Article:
On September 7, 2017, Judge Valerie Caproni in the United States District Court for the Southern District of New York granted the majority of RMBS trustee Bank of New York Mellon’s (“BNYM“) summary judgment motion and denied certificateholder Phoenix Light SF Ltd.’s (“Phoenix Light“) cross motion in its entirety in Phoenix Light SF Ltd. v. Bank of New York Mellon. Judge Caproni’s decision significantly curtailed Phoenix Light’s Complaint, which alleged various breaches of the trustee’s duties in connection with 21 RMBS trusts. For eight of the trusts at issue, Judge Caproni rejected Phoenix Light’s breach-of-contract claims alleging that BNYM failed to notify other parties upon discovery of breaches of representations and warranties due to lack of evidence that BNYM actually discovered any breaches. Judge Caproni also rejected the breach claims in connection with another eight trusts due to Phoenix Light’s failure to support the claims with evidence on a “loan-by-loan and trust-by-trust” basis. Only Phoenix Light’s breach-of-contract claims related to trusts where BNYM had notice of a specific breach or an event of default survived, as did Phoenix Light’s Trust Indenture Act claims for three trusts (because BNYM did not address the claims in its reply brief). The Court also granted BNYM’s motion with respect to Plaintiffs’ negligence, gross negligence, and negligent misrepresentation claims, finding that Plaintiffs’ tort-based arguments were duplicative of their breach-of-contract allegations.

S.D.N.Y. Denies Plaintiffs’ Sampling Motion in Consolidated Actions Against RMBS Trustee

 

On August 21, 2017, Judge Katherine Polk Failla of the United States District Court for the Southern District of New York upheld a magistrate’s order denying plaintiff-certificateholders’ motion to attempt to prove their claims by re-underwriting a sample of the loans at issue in a consolidated action against Wells Fargo Bank, National Association, in its capacity as RMBS trustee. Judge Failla, after reviewing the magistrate’s order for clear error, affirmed that under the governing agreements, to prevail on a breach of contract claim against an RMBS trustee with respect to the loans underlying the trust, Plaintiffs must demonstrate a breach on a loan-by-loan and trust-by-trust basis. Accordingly, Plaintiffs cannot utilize sampling in their efforts to prove that the RMBS trustee breached its contractual obligations. Judge Failla also noted that Plaintiffs, rather than needing to prove that the trustee had actual knowledge of breaches of representations and warranties, could potentially demonstrate the trustee’s discovery of breaches through a showing of conscious avoidance or implied actual knowledge. Wells Fargo Sampling Order.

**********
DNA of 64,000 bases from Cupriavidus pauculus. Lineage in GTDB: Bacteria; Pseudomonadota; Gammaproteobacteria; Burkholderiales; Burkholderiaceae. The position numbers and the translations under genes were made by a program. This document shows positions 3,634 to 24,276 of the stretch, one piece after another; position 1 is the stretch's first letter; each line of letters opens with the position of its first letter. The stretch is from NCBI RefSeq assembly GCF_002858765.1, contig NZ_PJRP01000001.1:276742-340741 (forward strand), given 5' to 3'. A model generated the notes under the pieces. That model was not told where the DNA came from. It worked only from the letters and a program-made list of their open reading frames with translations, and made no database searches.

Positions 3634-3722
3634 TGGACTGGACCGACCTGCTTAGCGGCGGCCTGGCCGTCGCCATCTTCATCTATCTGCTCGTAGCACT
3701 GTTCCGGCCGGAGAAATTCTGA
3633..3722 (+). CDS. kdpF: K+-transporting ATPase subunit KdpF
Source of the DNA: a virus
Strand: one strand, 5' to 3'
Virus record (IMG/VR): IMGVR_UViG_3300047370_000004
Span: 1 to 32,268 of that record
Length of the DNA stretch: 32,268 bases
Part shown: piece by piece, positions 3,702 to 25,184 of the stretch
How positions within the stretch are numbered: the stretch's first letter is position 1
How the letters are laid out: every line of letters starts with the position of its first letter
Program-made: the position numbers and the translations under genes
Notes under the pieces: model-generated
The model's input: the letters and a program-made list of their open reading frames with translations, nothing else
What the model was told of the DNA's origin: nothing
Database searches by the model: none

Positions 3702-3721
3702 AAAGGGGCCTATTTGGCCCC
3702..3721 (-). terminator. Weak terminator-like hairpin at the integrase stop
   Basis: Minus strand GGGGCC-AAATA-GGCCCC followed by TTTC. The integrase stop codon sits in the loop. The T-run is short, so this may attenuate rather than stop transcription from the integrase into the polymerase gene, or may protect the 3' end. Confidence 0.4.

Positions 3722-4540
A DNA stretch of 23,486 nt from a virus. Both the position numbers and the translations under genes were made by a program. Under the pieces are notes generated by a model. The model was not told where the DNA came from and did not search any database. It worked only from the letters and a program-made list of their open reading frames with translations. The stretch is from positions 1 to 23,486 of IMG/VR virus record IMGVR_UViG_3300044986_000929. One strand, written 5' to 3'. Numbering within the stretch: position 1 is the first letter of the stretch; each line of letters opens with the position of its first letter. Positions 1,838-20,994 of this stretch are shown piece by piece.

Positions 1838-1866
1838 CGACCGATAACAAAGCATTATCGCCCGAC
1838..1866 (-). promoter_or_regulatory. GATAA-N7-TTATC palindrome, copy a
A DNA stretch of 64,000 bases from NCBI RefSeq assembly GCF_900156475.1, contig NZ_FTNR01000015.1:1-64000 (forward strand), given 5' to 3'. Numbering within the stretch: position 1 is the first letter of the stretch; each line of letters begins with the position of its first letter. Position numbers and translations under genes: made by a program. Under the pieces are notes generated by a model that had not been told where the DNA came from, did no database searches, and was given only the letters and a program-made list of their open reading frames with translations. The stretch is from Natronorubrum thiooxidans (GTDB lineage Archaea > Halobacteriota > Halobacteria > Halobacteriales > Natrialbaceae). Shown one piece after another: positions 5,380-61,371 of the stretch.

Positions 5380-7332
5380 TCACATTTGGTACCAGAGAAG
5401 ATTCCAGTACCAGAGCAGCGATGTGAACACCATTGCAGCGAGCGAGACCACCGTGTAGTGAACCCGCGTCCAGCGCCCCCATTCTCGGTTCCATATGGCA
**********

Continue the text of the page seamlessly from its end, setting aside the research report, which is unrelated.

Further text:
NCUA Enters $445 Million Settlement with UBS in Lawsuit Alleging Untrue Statements in Connection with Sale of RMBS

 

On April 25, 2017, the National Credit Union Administration (“NCUA“), as liquidating agent for U.S. Central Federal Credit Union and Western Corporate Federal Credit Union, voluntarily dismissed its complaint against UBS Securities, LLC (“UBS“) and Mortgage Asset Securitization, Inc., in the United States District Court for the District of Kansas following a settlement between the parties. Under the terms of the settlement, UBS agreed to pay $445 million to end the NCUA’s five-year old lawsuit (the filing of the lawsuit was covered here). The NCUA’s suit involved claims for losses suffered by the two failed credit unions from allegedly untrue statements and omissions of fact by UBS regarding RMBS that it underwrote and sold. This settlement is in addition to the $79.3 million the NCUA also recovered from UBS in April 2016 for RMBS losses suffered by two other defunct credit unions. Voluntary Dismissal.

Wells Fargo Wins Summary Judgment Motion on All Claims Brought by German Bank LBBW Luxemburg